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If there was ever an industry in dire need of increased efficiency, cost containment and improved outcomes, health care tops the list. Despite consuming 18 percent of our nation’s GDP—equal to $3.4 trillion in annual expenditures—it is responsible for nearly 250,000 deaths due to medical errors, poor record keeping and a dismal lack of shared data among doctors about patients in their care.

From blockchain technology to surgical robots, medical experts worldwide agree that big data and artificial intelligence (AI) will play a key role in vastly improving health care quality and delivery. Aided by advances in sensor capabilities, computational power and algorithmic ingenuity, the pace of medical innovation is accelerating rapidly.

To be sure, AI and big data are not the next best thing, they are here and now. Digital medicine is currently tracking down and destroying mutant cancer cells faster than ever before. It is also commonly used in operating rooms by doctors tapping into pools of data accumulated from previous surgeries to receive guidance from computers systems that have analyzed learned procedures that can be scaled up in order to make appropriate recommendations before, during and after treatment. So instead of depending on one or two local practitioners determining the course of lifesaving treatments, patients now have access to a knowledge base of thousands of doctors worldwide.

Another area ripe for AI is mental health. Researchers are developing new drugs and pharmaceutical combinations using machine learning to assess chemical reactions of anti-depressants among individual patients. They then tailor them to closely match an individual’s unique biochemical makeup. The results thus far are promising. In addition to detecting when a patient is veering off into a bipolar episode even better than a psychiatrist could ever imagine, these drugs are mitigating some of the wrenching side effects associated with traditional serotonin re-uptake inhibitors. Taken one step further, Stanford University has created chatbots to combat this debilitating disease. Patients feeling an aura can tell their chatbot how they are feeling that day. Using predictive analytics, the bot can quickly suggest coping strategies drawn from numerous cognitive behavioral therapies. Again, the results are impressive, reducing depressive symptoms by 20 percent.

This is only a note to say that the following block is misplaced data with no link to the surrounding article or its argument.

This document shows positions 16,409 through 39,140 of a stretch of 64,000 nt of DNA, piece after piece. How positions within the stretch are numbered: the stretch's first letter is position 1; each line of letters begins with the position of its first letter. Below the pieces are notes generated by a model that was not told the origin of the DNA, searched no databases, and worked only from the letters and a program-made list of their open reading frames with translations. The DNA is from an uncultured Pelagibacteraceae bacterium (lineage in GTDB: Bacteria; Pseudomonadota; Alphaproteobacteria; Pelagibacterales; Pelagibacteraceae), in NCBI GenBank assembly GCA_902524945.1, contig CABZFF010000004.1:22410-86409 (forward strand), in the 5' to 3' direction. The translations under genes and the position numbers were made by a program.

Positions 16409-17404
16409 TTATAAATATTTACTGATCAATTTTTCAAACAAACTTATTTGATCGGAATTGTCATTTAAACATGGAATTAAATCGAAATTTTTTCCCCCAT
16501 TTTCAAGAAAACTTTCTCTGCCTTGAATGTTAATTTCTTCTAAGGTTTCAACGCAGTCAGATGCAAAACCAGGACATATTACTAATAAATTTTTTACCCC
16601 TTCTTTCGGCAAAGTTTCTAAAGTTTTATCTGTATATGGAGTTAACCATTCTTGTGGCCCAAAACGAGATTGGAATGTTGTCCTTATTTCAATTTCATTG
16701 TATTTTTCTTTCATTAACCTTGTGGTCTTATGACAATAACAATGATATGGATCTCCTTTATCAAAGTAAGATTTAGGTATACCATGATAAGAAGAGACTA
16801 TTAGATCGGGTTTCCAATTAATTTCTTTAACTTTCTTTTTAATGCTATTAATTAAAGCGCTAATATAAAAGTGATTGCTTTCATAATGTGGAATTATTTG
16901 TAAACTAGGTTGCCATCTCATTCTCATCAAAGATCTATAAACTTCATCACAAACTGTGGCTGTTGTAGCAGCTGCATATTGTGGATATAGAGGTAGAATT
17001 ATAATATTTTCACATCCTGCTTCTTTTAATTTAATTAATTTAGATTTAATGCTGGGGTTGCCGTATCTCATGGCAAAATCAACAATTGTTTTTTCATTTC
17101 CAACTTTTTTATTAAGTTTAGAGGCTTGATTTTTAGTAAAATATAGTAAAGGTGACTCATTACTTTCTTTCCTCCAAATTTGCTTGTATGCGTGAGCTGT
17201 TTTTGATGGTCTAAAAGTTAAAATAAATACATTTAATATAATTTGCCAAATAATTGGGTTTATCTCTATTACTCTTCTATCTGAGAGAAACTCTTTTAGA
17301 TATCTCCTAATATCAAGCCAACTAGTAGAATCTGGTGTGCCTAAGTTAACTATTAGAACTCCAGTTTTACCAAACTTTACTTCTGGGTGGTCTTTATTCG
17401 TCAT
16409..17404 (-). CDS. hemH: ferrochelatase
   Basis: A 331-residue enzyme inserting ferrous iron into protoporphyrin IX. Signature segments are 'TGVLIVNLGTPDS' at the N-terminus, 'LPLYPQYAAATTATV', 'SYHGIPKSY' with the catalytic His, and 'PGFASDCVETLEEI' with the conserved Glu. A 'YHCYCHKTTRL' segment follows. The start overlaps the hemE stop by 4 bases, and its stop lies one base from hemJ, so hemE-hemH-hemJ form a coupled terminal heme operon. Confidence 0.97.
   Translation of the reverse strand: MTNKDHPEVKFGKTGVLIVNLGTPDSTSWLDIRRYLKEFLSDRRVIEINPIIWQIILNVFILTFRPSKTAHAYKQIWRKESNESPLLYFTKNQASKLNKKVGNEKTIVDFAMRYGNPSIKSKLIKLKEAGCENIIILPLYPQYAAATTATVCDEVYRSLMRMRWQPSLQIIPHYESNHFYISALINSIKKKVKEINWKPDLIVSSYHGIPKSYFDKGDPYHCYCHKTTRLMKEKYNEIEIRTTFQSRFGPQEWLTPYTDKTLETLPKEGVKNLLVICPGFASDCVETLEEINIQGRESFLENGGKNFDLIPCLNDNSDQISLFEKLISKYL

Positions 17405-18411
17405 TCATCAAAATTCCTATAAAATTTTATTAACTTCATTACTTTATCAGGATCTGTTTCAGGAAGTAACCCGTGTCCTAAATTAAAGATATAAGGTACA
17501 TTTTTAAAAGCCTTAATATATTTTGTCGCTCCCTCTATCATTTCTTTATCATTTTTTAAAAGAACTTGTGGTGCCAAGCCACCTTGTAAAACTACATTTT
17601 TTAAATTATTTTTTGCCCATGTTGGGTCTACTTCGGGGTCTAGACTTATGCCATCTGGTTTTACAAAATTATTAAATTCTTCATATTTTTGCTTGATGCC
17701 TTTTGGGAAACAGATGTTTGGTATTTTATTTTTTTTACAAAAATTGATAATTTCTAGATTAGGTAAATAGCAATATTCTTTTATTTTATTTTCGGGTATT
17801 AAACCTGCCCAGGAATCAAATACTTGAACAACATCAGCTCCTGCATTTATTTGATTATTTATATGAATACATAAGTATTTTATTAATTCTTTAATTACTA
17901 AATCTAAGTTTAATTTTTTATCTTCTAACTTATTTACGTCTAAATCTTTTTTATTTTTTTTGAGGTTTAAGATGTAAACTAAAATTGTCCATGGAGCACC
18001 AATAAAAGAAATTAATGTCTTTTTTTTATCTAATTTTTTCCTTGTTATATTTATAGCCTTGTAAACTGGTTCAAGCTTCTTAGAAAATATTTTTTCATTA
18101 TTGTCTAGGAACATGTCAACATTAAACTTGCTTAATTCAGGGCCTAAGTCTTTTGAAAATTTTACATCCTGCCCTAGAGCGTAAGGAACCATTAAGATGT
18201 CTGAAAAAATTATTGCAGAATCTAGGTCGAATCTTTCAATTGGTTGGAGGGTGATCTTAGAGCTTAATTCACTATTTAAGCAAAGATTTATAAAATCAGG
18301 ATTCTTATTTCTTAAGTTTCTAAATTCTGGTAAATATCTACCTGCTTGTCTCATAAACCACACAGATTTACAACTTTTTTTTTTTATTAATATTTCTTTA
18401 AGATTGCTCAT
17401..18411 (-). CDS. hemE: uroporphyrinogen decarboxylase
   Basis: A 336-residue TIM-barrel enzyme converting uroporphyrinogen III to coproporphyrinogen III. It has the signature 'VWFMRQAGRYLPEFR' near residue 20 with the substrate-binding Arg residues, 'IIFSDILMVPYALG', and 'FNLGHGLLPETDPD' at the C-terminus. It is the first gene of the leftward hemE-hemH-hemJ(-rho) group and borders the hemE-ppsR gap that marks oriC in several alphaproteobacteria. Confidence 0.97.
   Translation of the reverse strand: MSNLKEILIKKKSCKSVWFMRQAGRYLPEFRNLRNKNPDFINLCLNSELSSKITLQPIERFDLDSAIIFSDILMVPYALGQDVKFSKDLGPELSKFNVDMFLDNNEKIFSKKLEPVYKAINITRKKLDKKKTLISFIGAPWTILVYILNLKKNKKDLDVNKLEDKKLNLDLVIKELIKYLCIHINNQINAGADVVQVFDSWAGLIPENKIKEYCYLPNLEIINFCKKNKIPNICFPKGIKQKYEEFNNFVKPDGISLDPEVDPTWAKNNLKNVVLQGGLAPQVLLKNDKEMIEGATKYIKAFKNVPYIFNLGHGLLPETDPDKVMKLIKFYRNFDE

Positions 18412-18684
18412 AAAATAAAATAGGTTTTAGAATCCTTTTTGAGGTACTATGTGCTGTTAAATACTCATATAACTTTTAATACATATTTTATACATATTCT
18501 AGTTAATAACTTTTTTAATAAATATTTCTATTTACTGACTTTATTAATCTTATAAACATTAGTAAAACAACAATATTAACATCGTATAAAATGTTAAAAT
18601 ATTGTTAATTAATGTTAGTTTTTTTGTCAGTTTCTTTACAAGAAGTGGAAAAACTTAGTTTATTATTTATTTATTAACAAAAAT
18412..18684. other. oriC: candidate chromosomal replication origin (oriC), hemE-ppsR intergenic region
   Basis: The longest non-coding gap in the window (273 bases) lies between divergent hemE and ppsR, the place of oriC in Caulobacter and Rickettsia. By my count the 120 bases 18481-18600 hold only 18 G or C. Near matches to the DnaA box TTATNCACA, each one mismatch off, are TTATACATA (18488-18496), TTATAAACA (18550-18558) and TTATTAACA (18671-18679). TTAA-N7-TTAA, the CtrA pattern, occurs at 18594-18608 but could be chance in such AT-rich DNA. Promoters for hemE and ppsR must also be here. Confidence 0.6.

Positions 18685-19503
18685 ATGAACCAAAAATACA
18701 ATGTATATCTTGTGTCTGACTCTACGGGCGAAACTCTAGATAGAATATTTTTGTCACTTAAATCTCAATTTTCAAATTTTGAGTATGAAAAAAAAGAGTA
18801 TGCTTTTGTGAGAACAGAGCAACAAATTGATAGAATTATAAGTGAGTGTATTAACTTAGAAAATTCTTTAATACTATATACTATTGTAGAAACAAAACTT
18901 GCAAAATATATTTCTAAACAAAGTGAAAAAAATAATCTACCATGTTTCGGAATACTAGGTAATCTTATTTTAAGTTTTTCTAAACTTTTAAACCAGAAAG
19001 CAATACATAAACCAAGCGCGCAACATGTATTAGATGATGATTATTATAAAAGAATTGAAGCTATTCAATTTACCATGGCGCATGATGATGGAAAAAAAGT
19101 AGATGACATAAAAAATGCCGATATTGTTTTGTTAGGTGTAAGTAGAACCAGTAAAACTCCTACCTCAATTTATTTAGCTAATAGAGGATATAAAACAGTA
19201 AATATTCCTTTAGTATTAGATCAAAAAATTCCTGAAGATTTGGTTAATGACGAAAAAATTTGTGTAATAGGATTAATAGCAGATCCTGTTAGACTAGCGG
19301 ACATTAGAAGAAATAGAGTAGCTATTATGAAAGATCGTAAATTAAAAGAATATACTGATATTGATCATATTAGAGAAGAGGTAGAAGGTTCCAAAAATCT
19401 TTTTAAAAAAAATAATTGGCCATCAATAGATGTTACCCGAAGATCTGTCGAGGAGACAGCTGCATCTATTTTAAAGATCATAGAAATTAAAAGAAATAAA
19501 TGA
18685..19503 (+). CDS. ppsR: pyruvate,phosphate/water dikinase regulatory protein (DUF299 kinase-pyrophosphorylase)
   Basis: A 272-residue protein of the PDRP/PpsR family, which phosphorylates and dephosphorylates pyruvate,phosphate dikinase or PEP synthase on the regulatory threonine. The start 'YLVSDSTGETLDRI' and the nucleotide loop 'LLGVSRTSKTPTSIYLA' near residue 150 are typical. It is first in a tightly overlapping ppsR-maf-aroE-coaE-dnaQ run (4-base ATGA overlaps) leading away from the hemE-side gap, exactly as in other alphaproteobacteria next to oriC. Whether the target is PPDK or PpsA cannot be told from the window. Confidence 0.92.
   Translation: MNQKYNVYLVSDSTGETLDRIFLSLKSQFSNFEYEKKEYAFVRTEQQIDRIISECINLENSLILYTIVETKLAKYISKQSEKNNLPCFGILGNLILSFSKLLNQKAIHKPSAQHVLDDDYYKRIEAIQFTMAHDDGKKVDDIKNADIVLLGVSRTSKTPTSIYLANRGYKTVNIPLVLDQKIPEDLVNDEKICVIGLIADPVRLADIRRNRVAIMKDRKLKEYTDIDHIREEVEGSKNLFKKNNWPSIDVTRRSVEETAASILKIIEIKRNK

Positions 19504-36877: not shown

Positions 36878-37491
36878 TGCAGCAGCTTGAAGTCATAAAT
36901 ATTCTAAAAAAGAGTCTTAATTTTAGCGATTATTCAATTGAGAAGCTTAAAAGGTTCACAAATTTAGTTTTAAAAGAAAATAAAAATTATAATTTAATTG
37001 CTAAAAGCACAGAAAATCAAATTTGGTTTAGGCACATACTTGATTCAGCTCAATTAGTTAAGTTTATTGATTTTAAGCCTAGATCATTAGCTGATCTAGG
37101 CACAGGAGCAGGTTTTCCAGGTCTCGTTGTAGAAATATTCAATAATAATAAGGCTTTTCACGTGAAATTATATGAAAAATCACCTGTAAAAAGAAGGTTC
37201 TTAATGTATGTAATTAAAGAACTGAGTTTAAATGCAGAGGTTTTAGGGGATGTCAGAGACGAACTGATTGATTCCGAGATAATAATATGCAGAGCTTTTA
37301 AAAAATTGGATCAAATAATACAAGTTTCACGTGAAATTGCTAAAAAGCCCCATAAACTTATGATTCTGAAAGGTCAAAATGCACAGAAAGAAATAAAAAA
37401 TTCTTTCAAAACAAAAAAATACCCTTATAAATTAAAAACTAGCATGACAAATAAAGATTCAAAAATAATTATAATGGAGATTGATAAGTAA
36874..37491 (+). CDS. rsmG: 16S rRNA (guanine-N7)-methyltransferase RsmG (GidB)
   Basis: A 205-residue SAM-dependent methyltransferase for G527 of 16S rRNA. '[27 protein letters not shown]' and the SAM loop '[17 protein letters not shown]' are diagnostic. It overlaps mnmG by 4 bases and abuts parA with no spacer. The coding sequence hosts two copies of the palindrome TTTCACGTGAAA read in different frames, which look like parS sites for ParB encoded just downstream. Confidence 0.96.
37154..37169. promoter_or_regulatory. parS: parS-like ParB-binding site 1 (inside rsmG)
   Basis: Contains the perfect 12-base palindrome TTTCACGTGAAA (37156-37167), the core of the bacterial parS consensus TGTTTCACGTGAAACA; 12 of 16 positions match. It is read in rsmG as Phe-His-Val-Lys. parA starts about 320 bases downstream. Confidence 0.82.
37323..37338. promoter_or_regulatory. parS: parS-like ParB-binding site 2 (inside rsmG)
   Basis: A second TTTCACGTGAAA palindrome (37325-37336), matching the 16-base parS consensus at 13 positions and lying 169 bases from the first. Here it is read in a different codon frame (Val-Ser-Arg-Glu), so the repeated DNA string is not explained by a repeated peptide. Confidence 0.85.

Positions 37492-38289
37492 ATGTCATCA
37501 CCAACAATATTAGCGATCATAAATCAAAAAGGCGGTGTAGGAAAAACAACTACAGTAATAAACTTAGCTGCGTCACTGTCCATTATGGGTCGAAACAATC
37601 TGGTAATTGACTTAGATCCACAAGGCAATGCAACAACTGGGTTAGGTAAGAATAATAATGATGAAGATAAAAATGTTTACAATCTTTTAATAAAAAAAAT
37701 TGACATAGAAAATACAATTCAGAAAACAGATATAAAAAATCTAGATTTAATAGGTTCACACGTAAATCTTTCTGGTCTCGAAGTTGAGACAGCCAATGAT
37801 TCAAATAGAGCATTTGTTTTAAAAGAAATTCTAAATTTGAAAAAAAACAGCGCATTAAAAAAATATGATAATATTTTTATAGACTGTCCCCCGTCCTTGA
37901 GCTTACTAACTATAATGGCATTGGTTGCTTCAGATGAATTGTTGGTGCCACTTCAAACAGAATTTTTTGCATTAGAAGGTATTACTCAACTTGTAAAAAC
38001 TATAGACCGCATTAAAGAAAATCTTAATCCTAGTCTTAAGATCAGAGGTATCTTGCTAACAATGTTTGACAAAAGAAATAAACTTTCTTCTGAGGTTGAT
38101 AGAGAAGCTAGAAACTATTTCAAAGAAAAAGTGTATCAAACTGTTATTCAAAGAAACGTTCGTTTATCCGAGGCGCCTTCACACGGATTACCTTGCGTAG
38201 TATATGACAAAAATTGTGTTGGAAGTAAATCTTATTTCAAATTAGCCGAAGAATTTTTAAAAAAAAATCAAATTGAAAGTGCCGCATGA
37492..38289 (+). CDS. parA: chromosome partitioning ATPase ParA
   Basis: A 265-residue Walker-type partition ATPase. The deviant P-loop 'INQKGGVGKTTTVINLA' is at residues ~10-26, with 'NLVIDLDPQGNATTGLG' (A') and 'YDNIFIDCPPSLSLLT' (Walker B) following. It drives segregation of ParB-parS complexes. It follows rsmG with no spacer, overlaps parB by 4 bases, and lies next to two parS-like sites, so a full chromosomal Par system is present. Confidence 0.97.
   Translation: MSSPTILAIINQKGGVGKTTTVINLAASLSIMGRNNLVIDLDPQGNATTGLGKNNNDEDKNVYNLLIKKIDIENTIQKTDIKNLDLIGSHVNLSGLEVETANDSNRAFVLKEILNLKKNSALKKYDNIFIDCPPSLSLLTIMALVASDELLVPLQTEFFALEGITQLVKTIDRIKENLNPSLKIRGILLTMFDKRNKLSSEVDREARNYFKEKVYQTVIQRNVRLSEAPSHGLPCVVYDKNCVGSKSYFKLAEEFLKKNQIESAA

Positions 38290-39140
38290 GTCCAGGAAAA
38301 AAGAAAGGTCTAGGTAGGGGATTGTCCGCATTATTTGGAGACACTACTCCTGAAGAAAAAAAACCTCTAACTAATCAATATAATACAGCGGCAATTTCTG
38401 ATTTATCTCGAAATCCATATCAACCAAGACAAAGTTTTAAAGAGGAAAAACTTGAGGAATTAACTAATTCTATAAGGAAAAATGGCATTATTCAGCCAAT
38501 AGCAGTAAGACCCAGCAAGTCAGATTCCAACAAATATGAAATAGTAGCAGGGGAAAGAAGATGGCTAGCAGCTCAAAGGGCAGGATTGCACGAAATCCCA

We are far from Star Trek’s tricorder ability to instantly detect what ails us, but we are moving in that direction. Even in its embryonic stage, AI outperforms dermatologists in spotting skin cancer, helps pharmacists predict more effective drug combinations, and spots nuances on x-rays far better than radiologists.

Quantum computers uncovering newfound data have provided medical professionals with keen insights into disease mapping and prevention, rendered speedier diagnoses and treatments for patients, accelerated scientific discovery aimed at curing the leading causes of death in our country, and have also played a major role in predictive analyses and detection.

The opportunities that big data and AI present in vastly improving health care and the quality of life for ailing patients far outweigh the challenges. Together, man and machine are teaming up to exploit unprecedented amounts of medical information churned out by powerful computers and advances in integrated software technologies.

Noel H. Nevshehir is Director of International Business Services and Industry 4.0 Strategic Partnerships for Automation Alley.

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